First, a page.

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Proper delivery?

Owner: B Aitken

A bowler bowls a No ball and during his delivery stride, the ball had slipped out of his hand and went beyond the edge of the pitch. What action should the umpire take?


The answer to your question depends on whether or not the ball has been properly delivered, and that is a decision that can be made only by the umpire on the day with all the facts before him. However, let us consider some possibilities

1. Let us suppose that the umpire considers the ball to have been properly delivered.
You say the ball went beyond the edge of the pitch. That does not necessarily make it a Wide, though it is likely to be one. Unless there are some strange playing conditions it doesn't make it a No ball either. If the ball does not come to rest before passing the line of the striker's wicket without him having made contact with it, then the umpire does nothing other than deal with it as a normal No ball or Wide.

It cannot, of course, be a Wide if it is a No ball.

2. Again assume the ball has been properly delivered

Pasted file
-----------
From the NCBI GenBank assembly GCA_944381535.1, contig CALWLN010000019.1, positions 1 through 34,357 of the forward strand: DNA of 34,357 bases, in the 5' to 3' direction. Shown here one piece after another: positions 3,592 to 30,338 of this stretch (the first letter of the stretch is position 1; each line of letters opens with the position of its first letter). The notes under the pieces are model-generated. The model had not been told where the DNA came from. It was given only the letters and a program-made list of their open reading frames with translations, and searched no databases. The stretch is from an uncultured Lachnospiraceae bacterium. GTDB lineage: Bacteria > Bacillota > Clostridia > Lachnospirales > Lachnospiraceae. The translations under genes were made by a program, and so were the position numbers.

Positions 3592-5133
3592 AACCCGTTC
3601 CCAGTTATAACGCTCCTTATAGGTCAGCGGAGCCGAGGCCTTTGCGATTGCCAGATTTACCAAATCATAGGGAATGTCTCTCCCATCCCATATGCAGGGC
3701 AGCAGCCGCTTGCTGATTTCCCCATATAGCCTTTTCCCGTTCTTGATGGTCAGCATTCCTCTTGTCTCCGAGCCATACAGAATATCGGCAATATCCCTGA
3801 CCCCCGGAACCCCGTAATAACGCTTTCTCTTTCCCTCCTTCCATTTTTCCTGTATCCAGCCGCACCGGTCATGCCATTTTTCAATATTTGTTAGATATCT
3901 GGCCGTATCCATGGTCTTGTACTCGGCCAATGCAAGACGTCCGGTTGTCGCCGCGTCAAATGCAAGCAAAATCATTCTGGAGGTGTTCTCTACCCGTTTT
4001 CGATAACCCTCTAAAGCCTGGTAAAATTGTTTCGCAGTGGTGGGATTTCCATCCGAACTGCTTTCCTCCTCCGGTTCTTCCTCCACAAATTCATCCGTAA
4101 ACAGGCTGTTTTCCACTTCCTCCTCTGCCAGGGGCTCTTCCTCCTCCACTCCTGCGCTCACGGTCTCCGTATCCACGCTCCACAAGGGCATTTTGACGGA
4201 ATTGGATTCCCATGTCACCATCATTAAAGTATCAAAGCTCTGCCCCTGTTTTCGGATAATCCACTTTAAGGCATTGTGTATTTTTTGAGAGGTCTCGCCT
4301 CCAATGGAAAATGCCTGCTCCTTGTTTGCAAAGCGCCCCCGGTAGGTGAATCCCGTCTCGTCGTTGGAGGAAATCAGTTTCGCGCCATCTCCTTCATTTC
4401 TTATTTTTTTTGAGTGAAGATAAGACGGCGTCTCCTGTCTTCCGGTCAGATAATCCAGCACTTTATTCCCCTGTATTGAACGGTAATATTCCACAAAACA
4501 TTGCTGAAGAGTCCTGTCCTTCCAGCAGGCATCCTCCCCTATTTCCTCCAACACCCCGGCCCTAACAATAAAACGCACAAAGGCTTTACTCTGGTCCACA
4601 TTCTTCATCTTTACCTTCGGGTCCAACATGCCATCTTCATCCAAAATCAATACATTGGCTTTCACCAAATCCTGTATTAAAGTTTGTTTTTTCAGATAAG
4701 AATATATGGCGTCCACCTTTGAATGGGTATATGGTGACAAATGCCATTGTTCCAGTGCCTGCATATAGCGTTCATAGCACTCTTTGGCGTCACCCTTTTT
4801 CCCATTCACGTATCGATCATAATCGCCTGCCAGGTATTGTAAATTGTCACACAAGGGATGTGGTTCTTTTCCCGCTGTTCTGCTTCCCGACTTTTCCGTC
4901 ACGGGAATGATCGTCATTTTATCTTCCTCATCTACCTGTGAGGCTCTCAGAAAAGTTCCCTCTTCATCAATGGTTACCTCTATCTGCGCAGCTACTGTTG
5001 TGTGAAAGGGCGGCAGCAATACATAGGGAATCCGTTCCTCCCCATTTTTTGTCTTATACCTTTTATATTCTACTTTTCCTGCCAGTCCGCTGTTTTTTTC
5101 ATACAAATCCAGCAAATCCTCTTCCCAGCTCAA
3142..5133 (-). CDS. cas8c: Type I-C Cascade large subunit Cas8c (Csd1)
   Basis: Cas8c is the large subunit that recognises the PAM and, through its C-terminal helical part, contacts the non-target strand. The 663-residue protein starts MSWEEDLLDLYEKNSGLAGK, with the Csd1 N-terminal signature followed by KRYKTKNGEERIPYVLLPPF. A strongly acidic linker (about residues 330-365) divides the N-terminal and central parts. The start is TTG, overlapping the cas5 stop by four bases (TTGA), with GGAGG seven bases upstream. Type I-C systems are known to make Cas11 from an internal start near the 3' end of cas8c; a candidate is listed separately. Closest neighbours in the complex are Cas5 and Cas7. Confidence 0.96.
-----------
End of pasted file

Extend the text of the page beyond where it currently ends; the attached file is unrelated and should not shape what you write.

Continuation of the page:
If it comes to rest before reaching the line of the striker's wicket, the umpire will call and signal No ball - unless that has already been done for some other reason - and immediately call and signal Dead ball.

3. If the umpire considers that the ball has not been properly delivered nor has it been thrown by the bowler towards the striker's end before he enters his delivery stride, then it will not be considered a No ball, the umpire will simply a call and signal Dead ball.

4. If the bowler has thrown the ball towards the striker's wicket before entering his delivery stride, the umpire will call and signal No ball. If the ball comes to rest before reaching the line of the striker's wicket, then the umpire will call and signal Dead ball. In case No ball has been called before the ball came to rest before reaching the line of the striker's wicket, whilst there is no requirement to call No ball a second time, no harm would come from doing it, and it would emphasise the reason for the call of Dead ball.

Read more about Law 24 (No ball) at the MCC website